It’s one of the oldest sporting venues in the country and has been home to some of the most memorable moments in South African cricket. If you can’t remember seeing the St George’s Park Cricket Ground, you will almost certainly have heard it. This is the place where the big brass band assembles and accompanies the cricket for most of the day.
The ground’s current capacity is 19,000 and, along with tests and limited overs internationals, St George’s Park also hosts domestic cricket for Eastern Province and Sunrisers Eastern Cape.
Senwes Park, Potchefstroom
Senwes Park has so far had the honour of hosting just one test match. South Africa and Bangladesh faced off here in 2002 and the ground in Potchefstroom has also hosted 16 One Day Internationals, with the last of these taking place in 2020.
The ground has an impressive capacity of 18,000 so a return for international games cannot be ruled out. For now, Senwes Park has to be content with hosting domestic cricket for North West and the Lions.
Buffalo Park, East-London
Home of the Warriors in domestic cricket, Buffalo Park in East London is another ground that has hosted international cricket in the past, but is now off the radar. Only one test was held here, between South Africa and Bangladesh in 2002, while a brief run of Limited Overs Internationals ended in 2020.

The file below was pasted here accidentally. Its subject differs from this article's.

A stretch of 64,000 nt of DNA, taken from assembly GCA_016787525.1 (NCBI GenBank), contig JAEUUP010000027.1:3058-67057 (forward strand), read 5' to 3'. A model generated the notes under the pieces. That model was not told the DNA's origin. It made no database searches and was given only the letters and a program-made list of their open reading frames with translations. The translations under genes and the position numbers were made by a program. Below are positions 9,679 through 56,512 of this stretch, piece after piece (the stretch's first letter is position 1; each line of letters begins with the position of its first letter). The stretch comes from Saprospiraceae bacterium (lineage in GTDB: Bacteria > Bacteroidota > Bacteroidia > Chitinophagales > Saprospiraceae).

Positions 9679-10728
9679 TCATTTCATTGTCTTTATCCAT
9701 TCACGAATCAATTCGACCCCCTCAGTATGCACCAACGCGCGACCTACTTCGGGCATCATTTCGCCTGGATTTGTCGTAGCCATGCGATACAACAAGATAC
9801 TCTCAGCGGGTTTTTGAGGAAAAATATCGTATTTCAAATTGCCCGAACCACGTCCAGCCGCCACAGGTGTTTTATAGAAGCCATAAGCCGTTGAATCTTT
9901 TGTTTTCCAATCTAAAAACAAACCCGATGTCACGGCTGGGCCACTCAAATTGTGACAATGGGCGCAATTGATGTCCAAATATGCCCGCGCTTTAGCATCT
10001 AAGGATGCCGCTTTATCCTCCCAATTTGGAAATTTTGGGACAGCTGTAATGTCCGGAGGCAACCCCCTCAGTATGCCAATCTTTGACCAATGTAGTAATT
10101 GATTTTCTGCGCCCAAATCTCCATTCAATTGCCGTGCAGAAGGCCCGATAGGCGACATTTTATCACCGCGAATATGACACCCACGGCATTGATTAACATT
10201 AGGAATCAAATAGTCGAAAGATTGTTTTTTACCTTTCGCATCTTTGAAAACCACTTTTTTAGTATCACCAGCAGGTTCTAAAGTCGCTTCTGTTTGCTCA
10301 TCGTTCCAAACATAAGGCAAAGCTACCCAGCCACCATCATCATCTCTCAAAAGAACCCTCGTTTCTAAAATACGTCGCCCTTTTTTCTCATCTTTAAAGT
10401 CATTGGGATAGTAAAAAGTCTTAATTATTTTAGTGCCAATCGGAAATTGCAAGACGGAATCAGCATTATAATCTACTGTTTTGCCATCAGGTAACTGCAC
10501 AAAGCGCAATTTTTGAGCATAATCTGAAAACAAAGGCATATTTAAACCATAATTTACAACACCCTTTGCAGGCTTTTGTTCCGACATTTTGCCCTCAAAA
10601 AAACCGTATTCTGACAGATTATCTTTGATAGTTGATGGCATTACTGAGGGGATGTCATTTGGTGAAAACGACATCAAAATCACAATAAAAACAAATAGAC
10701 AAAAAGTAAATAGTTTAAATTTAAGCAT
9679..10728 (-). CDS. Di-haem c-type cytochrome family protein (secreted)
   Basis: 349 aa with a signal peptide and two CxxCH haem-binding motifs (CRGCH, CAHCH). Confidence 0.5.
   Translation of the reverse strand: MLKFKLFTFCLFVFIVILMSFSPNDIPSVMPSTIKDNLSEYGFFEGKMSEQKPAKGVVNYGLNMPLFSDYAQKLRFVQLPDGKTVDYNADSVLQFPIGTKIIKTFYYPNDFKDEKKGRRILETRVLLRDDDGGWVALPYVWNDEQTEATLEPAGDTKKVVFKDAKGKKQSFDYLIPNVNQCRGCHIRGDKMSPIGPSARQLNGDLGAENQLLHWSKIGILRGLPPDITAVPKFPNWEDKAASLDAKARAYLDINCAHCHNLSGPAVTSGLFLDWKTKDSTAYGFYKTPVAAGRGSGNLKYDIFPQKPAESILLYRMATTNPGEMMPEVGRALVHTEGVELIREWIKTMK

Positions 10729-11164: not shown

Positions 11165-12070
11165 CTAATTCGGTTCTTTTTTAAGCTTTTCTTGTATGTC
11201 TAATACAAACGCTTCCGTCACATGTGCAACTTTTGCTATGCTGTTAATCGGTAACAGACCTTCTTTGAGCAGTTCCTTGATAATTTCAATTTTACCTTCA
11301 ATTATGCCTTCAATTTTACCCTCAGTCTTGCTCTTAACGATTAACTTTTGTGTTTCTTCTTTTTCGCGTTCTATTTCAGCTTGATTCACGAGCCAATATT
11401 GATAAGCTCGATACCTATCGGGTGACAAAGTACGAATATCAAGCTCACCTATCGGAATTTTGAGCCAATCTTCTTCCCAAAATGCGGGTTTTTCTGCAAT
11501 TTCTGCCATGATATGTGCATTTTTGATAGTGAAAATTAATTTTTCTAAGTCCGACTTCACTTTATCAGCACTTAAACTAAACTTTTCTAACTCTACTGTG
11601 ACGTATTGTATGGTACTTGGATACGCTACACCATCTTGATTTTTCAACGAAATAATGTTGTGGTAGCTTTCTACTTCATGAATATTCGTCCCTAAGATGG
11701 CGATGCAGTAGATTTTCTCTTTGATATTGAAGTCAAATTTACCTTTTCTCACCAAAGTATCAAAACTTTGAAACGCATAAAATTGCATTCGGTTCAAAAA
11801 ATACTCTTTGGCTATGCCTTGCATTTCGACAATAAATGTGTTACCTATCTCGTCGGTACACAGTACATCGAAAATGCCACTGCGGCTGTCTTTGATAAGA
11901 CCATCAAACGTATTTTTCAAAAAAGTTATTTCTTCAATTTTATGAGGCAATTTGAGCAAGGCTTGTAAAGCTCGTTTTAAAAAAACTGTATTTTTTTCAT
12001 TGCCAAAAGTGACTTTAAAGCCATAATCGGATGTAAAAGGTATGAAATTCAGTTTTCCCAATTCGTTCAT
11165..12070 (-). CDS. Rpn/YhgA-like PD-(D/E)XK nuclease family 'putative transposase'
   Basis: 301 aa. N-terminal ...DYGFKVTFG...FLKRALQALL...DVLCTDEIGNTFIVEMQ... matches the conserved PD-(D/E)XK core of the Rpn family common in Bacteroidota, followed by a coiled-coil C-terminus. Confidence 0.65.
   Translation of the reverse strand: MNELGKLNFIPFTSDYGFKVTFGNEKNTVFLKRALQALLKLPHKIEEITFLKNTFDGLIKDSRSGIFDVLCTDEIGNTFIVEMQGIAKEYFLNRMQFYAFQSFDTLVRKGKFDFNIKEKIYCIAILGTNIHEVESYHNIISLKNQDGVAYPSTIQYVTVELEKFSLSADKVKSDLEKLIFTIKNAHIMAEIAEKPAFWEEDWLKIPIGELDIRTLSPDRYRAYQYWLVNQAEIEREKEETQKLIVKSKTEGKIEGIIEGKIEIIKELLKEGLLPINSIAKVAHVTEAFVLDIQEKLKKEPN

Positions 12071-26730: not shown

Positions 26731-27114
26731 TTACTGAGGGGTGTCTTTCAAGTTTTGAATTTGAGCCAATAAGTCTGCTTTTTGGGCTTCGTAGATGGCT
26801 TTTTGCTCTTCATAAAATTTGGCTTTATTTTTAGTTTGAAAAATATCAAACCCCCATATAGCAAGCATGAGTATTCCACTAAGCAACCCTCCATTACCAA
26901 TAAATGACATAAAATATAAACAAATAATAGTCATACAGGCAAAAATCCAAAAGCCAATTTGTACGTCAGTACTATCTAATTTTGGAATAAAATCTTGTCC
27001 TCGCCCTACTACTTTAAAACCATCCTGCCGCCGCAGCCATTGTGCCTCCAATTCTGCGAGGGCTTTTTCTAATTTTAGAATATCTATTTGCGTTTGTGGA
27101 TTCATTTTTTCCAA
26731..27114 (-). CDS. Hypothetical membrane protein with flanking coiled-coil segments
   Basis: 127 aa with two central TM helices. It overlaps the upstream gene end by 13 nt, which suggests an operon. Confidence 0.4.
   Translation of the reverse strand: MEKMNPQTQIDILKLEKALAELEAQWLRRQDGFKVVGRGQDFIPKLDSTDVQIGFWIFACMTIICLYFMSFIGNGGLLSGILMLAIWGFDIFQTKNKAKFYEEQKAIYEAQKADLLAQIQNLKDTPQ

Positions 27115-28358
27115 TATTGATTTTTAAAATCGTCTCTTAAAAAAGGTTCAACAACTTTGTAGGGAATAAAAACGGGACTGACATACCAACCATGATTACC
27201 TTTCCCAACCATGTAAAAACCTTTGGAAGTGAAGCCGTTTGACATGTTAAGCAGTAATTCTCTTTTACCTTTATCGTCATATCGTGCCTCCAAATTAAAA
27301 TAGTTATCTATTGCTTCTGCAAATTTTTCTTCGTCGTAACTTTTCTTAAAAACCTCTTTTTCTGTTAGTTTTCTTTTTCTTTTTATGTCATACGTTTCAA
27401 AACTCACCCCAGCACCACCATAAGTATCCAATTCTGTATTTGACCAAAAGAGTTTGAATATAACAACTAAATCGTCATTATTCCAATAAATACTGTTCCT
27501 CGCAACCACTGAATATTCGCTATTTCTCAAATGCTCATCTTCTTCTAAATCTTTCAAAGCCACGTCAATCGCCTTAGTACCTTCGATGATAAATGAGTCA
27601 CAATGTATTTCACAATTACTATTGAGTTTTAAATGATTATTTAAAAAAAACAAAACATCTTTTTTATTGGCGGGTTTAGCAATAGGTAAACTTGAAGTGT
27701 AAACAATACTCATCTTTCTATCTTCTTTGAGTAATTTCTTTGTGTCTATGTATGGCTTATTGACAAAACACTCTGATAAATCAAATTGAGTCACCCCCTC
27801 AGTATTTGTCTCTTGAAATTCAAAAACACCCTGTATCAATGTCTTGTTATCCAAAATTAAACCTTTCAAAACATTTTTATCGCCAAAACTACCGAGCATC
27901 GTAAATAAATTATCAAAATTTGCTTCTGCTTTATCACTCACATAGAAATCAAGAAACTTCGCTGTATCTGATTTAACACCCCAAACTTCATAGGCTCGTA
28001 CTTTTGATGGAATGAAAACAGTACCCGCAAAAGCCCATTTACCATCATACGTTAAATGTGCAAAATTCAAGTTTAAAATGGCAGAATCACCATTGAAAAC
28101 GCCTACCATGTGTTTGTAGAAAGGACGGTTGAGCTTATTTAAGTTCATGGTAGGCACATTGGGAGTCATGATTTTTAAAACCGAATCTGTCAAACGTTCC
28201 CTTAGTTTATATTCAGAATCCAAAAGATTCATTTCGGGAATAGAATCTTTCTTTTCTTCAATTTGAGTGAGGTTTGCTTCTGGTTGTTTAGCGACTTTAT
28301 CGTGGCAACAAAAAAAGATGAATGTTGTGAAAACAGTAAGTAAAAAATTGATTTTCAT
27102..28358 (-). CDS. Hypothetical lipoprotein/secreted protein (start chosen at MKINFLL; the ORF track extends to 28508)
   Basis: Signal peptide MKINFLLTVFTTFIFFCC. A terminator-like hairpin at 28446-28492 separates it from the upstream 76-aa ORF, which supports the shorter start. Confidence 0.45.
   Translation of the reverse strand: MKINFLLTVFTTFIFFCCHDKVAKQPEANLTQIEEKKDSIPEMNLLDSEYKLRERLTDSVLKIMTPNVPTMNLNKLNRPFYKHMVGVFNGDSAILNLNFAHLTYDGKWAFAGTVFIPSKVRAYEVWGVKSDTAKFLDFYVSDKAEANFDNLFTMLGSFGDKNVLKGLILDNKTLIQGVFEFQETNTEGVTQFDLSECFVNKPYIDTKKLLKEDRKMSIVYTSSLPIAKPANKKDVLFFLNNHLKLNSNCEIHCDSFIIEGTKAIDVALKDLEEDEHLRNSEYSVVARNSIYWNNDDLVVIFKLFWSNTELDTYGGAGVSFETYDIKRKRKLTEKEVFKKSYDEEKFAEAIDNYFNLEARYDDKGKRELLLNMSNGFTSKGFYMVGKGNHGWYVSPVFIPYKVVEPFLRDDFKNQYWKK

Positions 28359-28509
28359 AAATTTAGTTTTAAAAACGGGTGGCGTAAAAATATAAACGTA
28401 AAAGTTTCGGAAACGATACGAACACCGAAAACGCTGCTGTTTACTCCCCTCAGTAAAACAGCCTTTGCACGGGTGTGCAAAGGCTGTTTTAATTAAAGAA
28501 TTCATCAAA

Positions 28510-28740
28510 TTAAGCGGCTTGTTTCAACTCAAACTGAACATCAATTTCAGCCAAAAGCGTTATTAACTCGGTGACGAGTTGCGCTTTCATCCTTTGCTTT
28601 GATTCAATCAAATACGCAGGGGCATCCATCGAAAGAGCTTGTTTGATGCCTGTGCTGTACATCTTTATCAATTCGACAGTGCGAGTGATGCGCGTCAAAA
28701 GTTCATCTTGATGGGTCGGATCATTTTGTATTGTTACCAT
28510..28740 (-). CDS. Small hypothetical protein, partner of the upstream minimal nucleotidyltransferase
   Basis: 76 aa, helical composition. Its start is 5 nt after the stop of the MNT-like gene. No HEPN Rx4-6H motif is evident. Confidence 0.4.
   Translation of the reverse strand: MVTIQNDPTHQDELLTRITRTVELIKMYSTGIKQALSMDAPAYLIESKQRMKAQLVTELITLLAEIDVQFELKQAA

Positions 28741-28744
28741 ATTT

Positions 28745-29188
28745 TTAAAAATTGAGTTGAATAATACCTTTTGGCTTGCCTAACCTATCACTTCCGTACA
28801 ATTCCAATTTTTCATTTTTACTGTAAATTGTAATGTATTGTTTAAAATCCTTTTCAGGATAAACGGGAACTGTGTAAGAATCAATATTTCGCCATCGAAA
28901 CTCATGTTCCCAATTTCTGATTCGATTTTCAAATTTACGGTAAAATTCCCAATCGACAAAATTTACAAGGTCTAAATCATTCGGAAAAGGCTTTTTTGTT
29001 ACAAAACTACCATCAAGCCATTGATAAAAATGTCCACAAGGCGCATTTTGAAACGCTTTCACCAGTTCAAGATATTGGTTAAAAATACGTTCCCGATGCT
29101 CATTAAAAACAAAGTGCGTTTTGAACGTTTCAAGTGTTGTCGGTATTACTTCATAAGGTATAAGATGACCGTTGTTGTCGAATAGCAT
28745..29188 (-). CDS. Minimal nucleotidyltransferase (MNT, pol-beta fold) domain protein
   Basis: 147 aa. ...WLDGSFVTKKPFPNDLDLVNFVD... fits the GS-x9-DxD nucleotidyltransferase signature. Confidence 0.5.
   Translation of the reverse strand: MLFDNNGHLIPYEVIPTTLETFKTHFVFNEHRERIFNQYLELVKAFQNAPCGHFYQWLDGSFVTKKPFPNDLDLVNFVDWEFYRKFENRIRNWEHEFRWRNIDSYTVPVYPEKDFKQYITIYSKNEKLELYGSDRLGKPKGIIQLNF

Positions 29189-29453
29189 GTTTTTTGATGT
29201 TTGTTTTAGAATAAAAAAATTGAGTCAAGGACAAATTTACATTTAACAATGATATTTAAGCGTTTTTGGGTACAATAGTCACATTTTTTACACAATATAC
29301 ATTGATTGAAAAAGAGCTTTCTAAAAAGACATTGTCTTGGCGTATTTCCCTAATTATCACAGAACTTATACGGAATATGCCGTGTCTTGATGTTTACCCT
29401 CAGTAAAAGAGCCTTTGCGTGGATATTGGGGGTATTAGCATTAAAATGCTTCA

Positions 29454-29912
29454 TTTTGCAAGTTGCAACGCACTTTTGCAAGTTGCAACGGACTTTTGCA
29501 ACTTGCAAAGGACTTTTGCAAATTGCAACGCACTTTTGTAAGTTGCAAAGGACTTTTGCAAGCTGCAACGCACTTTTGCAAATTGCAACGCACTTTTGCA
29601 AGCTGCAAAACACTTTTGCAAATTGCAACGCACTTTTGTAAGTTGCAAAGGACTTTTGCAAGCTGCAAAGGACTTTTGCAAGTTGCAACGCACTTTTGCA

With a capacity that can stretch up to 20,000, this is another venue that could conceivably return to the circuit in the future.
De Beers Diamond Oval, Kimberley
The De Beers Diamond Oval is another ground which seems to have fallen off the radar of Cricket South Africa. It has hosted One Day Internationals and T20is but hasn’t been included on the senior men’s team’s circuit since 2018.
The ground was opened in 1973 and has a current capacity of 11,000. The first international game to take place here featured Pakistan versus Sri Lanka and Pakistan’s prolific batsman Inzamam-ul-Haq marked the occasion with a century.
Women’s internationals have also been hosted at the De Beers Diamond Oval while the ground is currently home to the VFB Knights and Northern Cape.
Other Iconic Cricket Grounds in SA